Facebook Bans Australia But Takes Chinese Money To Promote Uyghur Disinformation

Photo by Barefoot Communications

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A recent investigation revealed that social media giants such as Facebook and Twitter have facilitated the spread of “propaganda” and disinformation by Chinese state-owned media. This was done by downplaying the situation in China’s internment camps and denying what some have called “genocide” against the Uyghur Muslims from the Xinjiang province.

The strategic importance of Xinjiang is undeniable

The western province of Xinjiang, officially named Xinjiang Uygur Autonomous Region (XUAR), has had a long history of conflict between the Chinese authorities and the indigenous ethnic Uyghur population. 

Xinjiang, as it is known today, is surrounded by eight countries, namely Mongolia, Russia, Kazakhstan, Kyrgyzstan, Tajikistan, Afghanistan, Pakistan as well as India, and after officially coming under Chinese rule in the 18th Century, it slowly began to evolve into one of the largest administrative regions in China.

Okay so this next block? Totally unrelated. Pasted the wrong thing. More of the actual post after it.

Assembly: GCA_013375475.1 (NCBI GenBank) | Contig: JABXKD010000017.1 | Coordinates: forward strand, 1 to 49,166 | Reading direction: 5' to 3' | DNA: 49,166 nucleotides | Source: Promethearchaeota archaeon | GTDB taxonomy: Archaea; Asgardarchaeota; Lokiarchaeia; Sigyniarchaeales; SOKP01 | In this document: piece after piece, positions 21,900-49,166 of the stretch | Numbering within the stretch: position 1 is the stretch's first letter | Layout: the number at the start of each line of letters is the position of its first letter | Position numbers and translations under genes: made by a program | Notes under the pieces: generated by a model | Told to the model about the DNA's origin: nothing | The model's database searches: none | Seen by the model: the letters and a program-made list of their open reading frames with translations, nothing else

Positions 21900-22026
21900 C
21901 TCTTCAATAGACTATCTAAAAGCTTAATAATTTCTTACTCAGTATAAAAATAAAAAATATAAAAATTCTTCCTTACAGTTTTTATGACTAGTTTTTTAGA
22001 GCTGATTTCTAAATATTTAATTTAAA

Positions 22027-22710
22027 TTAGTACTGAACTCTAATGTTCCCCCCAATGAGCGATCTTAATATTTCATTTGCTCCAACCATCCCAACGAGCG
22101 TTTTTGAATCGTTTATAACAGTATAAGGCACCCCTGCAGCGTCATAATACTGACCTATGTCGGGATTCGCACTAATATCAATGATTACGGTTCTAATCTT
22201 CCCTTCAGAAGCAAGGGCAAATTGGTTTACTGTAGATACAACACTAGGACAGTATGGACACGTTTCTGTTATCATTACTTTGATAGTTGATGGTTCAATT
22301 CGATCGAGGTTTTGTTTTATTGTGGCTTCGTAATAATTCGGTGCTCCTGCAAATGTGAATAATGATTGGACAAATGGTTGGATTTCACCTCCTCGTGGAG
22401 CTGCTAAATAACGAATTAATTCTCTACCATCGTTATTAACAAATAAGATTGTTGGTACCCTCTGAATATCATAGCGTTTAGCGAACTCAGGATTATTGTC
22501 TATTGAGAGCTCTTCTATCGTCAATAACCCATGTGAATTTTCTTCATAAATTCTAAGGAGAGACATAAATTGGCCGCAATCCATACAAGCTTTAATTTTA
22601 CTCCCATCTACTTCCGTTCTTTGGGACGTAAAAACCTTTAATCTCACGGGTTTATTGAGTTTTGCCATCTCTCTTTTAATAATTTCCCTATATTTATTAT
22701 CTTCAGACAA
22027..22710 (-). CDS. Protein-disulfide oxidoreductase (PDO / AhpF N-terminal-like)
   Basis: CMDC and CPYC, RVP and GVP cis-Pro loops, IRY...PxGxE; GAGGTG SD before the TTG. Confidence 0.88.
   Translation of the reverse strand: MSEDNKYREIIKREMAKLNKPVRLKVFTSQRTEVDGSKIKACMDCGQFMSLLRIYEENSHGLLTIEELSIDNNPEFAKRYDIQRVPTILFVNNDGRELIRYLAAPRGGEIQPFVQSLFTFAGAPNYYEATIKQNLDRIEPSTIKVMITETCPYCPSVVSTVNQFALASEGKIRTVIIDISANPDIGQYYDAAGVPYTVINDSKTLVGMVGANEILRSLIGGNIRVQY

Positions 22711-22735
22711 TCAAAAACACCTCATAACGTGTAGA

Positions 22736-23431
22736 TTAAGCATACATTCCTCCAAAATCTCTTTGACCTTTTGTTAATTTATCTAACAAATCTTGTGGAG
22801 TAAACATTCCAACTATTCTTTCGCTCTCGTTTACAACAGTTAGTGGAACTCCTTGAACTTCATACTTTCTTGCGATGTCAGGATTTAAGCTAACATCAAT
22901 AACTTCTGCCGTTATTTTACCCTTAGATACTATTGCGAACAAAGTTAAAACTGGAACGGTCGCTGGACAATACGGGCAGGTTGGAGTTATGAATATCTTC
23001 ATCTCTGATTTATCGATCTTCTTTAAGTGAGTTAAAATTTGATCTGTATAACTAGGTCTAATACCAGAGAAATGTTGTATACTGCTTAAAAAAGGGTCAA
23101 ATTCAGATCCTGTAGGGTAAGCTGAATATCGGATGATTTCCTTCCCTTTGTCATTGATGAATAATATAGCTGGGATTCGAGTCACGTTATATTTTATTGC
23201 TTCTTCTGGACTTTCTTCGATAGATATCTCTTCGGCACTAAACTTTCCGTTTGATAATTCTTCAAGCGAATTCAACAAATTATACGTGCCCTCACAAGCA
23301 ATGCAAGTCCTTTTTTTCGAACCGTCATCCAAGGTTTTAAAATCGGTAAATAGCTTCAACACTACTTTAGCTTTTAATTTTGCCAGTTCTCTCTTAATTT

Although the local population was mostly Uyghur until recently, young and technically qualified Han Chinese from the eastern provinces have come here as numerous urban development initiatives from the past years have vastly increased economic growth and, in turn, have created more jobs.

This Han immigration into the Xinjiang region combined with a clear consistency in choosing Han officials for the top positions of Xinjiang’s party bureaucracy further widened the divide between the Han Chinese – who make up the vast majority of the Chinese population – and the minorities.

This sense of inequality coupled with the increasingly restrictive state policies further increased the pressure on the Uyghurs to assimilate Chinese culture and language.